DreamPlex’s interior design and programming facilitate effortless collaboration. On the main floor an entrepreneur can choose from a flexible or fixed desk and has access to a kitchen, private meeting rooms, high-speed Internet, printers and tech support. For a group of entrepreneurs or a small business, there are two floors of studios available for rent. There are several communal lounges scattered around the complex, giving members a place to hang out during breaks and chat about their work. Members can often be found trading technical skills, some even end up working together on a project.


Through surveys, DreamPlex staff is able to organise bespoke workshops tailored to the needs of their members. Members most often request workshops that can help them better understand the Vietnamese market. January’s workshops ranged from personal branding strategies to creative collaboration through comics. Members of DreamPlex lead many of the workshops as well.


Since DreamPlex’s opening last year, it has hosted a number of pitching events, including the Tech in Asia ‘Road to Singapore’ Tour 2016, an 8-city search in Asia for the best startups to showcase at the Tech in Asia Conference. The tour touches down in Ho Chi Minh City, Hong Kong, Taipei, Tokyo, Bangkok, Seoul, Kuala Lumpur and Jakarta February - March 2016. On February 23 at DreamPlex, five startups from Vietnam pitched to a large audience and judges for Tech In Asia, competing for a place at the conference. A startup called AntBuddy, a communication tool for small businesses won the Ho Chi Minh City contest, receiving free flights and accommodation, conference passes, and a startup booth at Tech in Asia Singapore 2016.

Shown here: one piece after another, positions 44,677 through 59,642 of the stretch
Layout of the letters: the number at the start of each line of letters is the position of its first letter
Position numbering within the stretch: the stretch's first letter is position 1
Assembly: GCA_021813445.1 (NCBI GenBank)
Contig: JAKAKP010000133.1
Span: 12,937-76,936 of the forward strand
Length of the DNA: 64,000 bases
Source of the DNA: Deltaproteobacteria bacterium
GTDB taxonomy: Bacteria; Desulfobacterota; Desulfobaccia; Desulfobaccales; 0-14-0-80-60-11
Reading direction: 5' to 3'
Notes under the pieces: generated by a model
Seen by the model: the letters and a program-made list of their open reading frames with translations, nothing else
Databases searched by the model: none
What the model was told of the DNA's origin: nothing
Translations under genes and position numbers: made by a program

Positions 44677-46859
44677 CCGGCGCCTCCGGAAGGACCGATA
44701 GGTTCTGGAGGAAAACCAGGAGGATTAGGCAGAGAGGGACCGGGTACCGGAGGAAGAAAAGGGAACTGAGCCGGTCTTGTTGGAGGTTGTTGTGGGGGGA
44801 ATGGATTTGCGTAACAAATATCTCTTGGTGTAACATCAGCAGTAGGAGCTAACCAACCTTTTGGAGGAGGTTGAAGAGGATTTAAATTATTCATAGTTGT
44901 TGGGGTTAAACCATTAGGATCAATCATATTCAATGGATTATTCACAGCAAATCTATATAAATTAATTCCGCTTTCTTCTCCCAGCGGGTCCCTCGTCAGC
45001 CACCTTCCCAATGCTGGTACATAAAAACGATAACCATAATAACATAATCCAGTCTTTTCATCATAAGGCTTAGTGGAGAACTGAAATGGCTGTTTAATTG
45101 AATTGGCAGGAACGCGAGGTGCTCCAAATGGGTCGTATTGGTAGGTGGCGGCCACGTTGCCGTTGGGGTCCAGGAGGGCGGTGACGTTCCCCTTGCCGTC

DreamPlex works with six investment groups based in Vietnam, Singapore, Japan and the United States. The co-working space plans to host pitching events for angel investors on a quarterly basis. Last January, it hosted Vietnam's first private Angel Network event, with over 25 investors in attendance.

Its next project, DreamLabs, is a six month incubation programme at the end of which participant organisations are expected to receive investment funding. Five to six startups are geared to participate in the first programme, learning from experts in the technology field and meeting potential mentors and investors.

Co-founders Thao M. Nguyen, Tu Ngo and Nhut Nguyen each run their own startups concurrently to their work on DreamPlex. Thao created Umbala, a video sharing platform which won the first prize at the 2015 Forbes Vietnam Startup Contest. Tu Ngo, an ex-Stanford and INSEAD graduate is a co-founder of ELSA (English Language Speech Assistant), a speech recognition mobile platform that helps English learners improve their pronunciation and speaking ability. Nhut started Rabbat Creative, a communication tool that influences consumer decisions.